in fact, it's vowel modification that enable the passage into (and out of ) the higher notes. but it is subtle. i've learned with appoggio-trained singers it's even less apparant but it occurs.

some singers are so skilled that you can be hard pressed to think they aren't, but they are.

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Olem - For some it comes natural, for most others we need to learn it. The way we speak our vowels is what comes easy to us. But as you ascend into higher ranges, the spoken vowels just plain don't work well - no matter what genre. In fact, if you try to force the spoken vowel up high you can cause pain and injury as your body tries to accomodate an inefficient vocal tract.

Now, some spoken vowels work really well in higher ranges, and thats why we "modify" towards those vowels.

Maybe guys like Steve Perry who's speaking range is pretty high, can sing in a higher range easier because they are just used to the vocal track configurations that work in the higher range. But, we can all learn how to modify the vocal tract to support higher ranges. It's just a little weird at first because it isn't what we are used to. It takes a long time before these vocal tract configurations become 2nd nature. We're training our muscles to work in ways that don't feel natural at first.

All this goes hand in hand with thinning out the folds as you go up. It makes the whole thing a bit tricky to learn. But it can be done.

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According to steven, the resident classical singing expert, dio uses quite classical vowels, unusually so for that genre.

Thanks for posting the tremendous examples. Dio certainly has a very easy, and powerfully-connected headvoice. I see why he is admired.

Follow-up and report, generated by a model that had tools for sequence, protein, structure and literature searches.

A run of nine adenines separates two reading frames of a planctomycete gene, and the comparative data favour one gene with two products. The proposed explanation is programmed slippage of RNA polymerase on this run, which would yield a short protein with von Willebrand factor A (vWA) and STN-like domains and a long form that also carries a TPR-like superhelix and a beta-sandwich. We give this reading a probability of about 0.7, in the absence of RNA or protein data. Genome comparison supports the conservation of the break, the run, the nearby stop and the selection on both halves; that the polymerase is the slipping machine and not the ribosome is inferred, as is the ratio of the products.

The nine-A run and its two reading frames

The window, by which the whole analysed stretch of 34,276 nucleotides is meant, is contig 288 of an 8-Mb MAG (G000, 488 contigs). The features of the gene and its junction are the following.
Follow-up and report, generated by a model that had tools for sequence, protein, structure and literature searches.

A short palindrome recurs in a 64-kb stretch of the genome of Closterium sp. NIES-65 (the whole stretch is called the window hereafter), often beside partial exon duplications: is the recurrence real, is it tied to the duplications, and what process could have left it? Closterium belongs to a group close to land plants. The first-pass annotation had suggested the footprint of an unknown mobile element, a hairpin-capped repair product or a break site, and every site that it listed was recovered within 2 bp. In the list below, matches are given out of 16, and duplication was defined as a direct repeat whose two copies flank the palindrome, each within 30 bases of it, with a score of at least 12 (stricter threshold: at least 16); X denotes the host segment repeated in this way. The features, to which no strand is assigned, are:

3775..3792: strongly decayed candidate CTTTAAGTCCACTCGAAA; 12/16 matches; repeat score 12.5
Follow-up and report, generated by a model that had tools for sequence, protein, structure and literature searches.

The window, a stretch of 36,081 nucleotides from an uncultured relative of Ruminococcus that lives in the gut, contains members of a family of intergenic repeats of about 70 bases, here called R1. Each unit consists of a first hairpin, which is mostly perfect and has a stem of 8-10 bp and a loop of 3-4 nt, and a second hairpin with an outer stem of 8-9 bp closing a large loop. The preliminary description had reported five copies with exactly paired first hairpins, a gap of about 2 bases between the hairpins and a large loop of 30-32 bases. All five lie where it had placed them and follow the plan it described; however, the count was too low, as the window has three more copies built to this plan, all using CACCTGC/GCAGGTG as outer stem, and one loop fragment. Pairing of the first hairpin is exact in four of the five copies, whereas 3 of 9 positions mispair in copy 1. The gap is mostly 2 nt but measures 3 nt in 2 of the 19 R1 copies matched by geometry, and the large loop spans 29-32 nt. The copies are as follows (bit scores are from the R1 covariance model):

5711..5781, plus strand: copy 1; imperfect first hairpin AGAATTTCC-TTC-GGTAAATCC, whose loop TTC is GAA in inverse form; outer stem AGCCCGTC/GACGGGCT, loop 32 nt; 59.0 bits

In classical singing, there is a term 'voce piena in testa' - Italian, which means 'full voice in the head'. I think Dio provides some very good examples of what this sounds like when applied to this genre.

What I find very remarkable is his vowel shaping. Though he does not go as far as a classical singer would in making the vowels 'tall' in the mouth, he does go quite farther than other rock singers I have heard. The resulting tone, while still having 'cut' to it, makes a fuller quality which I liked.

http://themodernvocalist.punbb-hosting.com/viewtopic.php?id=126

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Excellent responses, here. And I would agree with all of them. And echo a process from Anthony Frisell. To return to the italian vowels, first. But I also agree with Bob. Where in, particular vowel shade works well for one, another for another person, and so on.

First off, decided what you hearing. And is it what you want to hear. If the vowel sounds boomy or meaty, that might be the vowel for you. But first, you have to decide on what you are hearing and that is mental.

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Ok, thanx for responses Bob, Geno, Matt and Ron. I have thought for a long time to get Tamplin´s product, i think my approach will benefit from it. Interesting view there about Dio, Matt.